The Fourth Hand

*NOTE: This and other early reviews were written on a variety of different sites, and were pulled together here. They remain unedited.

After reading a lot of the reviews, I don't think John Irving's 10th book got a fair shake (commence groaning now). While not as densely beautiful as The World According to Garp or my personal favorite A Prayer for Owen Meany, The Fourth Hand is a light, refreshing, accessible work that carries enough humor and character to make it a worthy addition to Irving's string of releases.

Patrick Wallingford is a cable news personality frustrated with the way television news seems to cater to anything but the news. Too good-looking for his own good, his inner life parallels the trajectory of his chosen profession until the fateful day his hand is bitten off by a hungry lion during a story about a fallen trapeze artist in a circus in India (Son of the Circus, anyone?). His decision to have a hand transplant maneuvers him into place for a wild and ultimately redeeming ride when the wife of the deceased hand donor demands visitation rights once the hand is attached.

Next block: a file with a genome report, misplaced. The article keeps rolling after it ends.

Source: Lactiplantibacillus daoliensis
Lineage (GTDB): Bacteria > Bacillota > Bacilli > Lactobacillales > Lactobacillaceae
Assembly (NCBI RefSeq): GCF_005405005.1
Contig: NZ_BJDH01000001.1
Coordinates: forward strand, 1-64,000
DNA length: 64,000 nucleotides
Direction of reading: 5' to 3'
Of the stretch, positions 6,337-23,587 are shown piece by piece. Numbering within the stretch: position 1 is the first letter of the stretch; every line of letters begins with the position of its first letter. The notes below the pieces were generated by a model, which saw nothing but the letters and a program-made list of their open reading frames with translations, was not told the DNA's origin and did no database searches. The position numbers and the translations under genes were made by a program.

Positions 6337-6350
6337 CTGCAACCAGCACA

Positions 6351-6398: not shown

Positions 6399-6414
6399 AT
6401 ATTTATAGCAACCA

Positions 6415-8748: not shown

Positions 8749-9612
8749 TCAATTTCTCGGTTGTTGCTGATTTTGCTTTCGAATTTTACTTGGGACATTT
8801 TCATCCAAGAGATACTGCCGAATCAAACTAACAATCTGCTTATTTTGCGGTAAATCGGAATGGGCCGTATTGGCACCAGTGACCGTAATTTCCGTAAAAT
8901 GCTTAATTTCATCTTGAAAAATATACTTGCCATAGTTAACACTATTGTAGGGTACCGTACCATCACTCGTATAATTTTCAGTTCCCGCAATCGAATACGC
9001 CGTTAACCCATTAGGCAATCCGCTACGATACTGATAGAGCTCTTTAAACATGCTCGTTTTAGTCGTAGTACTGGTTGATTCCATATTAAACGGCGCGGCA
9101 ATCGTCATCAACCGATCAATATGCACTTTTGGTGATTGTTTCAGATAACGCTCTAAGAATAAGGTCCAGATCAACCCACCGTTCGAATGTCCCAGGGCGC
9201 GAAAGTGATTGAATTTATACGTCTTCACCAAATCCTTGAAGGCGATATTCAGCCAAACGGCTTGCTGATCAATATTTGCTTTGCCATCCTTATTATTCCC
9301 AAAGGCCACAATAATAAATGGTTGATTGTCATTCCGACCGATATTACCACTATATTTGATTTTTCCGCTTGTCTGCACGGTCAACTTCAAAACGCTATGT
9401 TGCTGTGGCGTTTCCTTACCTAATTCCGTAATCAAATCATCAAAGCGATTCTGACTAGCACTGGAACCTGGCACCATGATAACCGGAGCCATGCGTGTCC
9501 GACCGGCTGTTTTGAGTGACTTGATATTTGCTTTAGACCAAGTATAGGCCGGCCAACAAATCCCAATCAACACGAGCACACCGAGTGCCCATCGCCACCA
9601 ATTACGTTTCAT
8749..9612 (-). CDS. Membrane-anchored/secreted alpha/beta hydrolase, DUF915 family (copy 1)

The book weaves its spell in tiny flourishes, examining the obsessions and quirks of three different characters: Patrick, Doris, the Green Bay Packer fanatic and wife of the former owner of Patrick's hand, and Dr. Zajac, the starved, lonely surgeon who performs the operation. Irving takes numerous swipes at tele-journalism, but also sets it up to mirror Patrick's empty life of one night stands and disaster assignments until the two literally combine and he becomes his worst nightmare - the kind of story he loathes covering.

All the characters are tied together not only by the plot, but by their wishes and desires to connect with children - the children they have, or the children they want to have. Books play an important part as well; while not necessary, I'm glad I read and was still relatively familiar with E.B. White's Stuart Little and Charlotte's Web, as well as Michael Ondaatje's The English Patient.

Overall it's one of John Irving's shortest books, more of a quick dip in the lake than a swim across the ocean. But that doesn't make it any less enjoyable, or refreshing for that matter. I wouldn't rank it in my top 3 John Irving books, but it's certainly not his worst either. Solid effort.